When Spring Valley resident Jenn Hurdsman’s family helped out at Sweetwater Summit Regional Park recently, they pulled weeds and helped install No Parking signs.
Jenn says, “As we left the park, the kids were anxious to take a picture by ‘their’ sign.” At 8, 6, and 3, the Hurdsman kids had already discovered the thrill of being involved.
Nationwide, more than 26 percent of the population volunteered last year. Despite the busyness of life with kids, the majority of volunteers were those with children under the age of 18. If you want to spend quality time as a family and give back to your community, family volunteering might be right for you.
Merrilee Boyack is a Poway attorney, councilwoman and the author of “52 Weeks of Fun Family Service.” Volunteering has been an integral part of their family of four boys. While PTA events were her start, she especially remembers working in 2003 during the wildfires. Because this wasn’t the first time they had done community service, she says, “I knew I could count on my entire family to work hard in this crisis and they did.”
Two sons worked to protect homes from fire when firemen were busy elsewhere, her husband was in charge of communication and the younger two boys went to the evacuation center with her.
There are hundreds of opportunities for volunteering in the San Diego area. While some things, like the Humane Society, are only available for older teens, many organizations are perfect for families with children of all ages. How do you know where to start?
Boyack suggests, “Let the kids lead! Ask what is important to them. If it’s animals, start there. If it’s parks, start there. Doesn’t matter what you do or where you start. Just start.”
There are three things to consider when getting your feet wet with family volunteering: time, talents and temperament.
You need to figure out how much time you are able to commit to a project. A great place to start is with a onetime event, like the Rock ’n’ Roll San Diego Marathon and Half Marathon charity run. Craigslist.com offers a section on community volunteers with requests for help.
Many organizations will let you do a trial run so you can decide if they are a good fit for your family. Before agreeing to a weekly stint serving meals at Bread of Life in Oceanside, see if you can come one night. Some places, like the UCSD hospitals, want a six-month commitment from volunteers. See if you can shadow someone working the “Light One Little Candle” cart, providing reading materials to help cancer patients bond with their children.
What does your family like to do? If you love to spend time outdoors, consider adopting a beach, golf course or park through the City of San Diego Parks and Recreation Department, or join the Surfrider Foundation twice a month for two-hour beach cleanups.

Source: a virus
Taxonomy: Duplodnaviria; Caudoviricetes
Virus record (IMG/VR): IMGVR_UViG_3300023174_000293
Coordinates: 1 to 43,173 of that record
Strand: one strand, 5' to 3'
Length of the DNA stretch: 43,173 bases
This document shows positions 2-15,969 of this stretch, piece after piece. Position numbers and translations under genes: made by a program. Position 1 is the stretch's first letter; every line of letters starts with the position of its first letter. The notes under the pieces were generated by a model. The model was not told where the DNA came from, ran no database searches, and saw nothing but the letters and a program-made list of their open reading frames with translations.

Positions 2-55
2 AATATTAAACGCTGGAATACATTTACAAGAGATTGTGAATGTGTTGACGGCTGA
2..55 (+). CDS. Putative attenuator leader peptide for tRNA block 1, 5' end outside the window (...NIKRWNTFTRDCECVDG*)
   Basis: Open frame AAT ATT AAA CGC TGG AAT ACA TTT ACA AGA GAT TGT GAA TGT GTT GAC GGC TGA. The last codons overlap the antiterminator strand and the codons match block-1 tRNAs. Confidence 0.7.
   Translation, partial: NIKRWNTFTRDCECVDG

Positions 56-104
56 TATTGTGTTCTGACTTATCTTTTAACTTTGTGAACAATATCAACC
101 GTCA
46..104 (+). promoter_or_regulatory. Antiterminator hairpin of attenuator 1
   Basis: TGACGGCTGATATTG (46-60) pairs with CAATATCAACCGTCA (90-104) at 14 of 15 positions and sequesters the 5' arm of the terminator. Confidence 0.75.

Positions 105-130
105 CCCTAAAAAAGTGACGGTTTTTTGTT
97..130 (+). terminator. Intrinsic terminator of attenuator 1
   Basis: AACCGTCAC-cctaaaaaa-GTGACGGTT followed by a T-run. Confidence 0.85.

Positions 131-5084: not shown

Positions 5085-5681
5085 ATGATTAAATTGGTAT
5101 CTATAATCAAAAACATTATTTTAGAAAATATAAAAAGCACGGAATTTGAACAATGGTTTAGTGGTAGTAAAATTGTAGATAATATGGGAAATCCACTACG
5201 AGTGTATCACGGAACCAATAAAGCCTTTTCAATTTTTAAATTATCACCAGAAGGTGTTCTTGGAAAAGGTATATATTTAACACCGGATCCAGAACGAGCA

If your kids are handy or interested in construction, Habitat for Humanity might be a good fit. You have to be 16 to work on a construction site, but everyone can build playhouses that are sold at fundraisers.
Think about favorite school subjects and you’ll probably find a volunteer opportunity that will fit; if you have a reader in your house, Books First would love you to host a book drive. Math whiz? Organize donations for Compassionate Ministries or work with fundraising for virtually any group out there.
Community service is a great thing, helping to teach children (and adults) compassion and tolerance. But you know your children best. Some are more sensitive than others, whether to poverty or suffering. Most kids will need to be prepared to go into a new situation where they will be helping people who are different from them. Young children might be upset working at Feeding America, worrying about if they will always have enough food. This is an opportunity to talk about how your family has been blessed, as well as reasons why others need help.
You also know if your children do best out of doors where they can run around, or if something more intimate will be most comfortable. The Hurdsmans loved working at a park where they already enjoyed going as a family. Their kids are very active, so digging and pulling weeds worked perfectly for them.
How Do I Get Started?
You know you want to get out there, do some good, get your family thinking about others more than themselves. Now what?
A great place to get ideas is Volunteer Match.org. Look through the website as a family, reading about different organizations and their focus. PBS Kids has a downloadable packet, “Zoom Into Action: Family Guide to Volunteering” that is great to look at together. If nothing feels right, set up an opportunity alert at Volunteer Match. They will email you when something comes up that aligns with the interests you have selected.
Building Family Togetherness
Boyack reminds us, “Ask what you want to teach your children. Do you want to teach them to love others, to be patient, hard working, creative, compassionate? Or do you want to foster the greed that is associated with too much TV, too much of too many things?
If you want to build family togetherness and raise children who love other people and the world around them, starting a pattern of community service while they are young is a great idea.
Eliana Osborn is a freelance writer.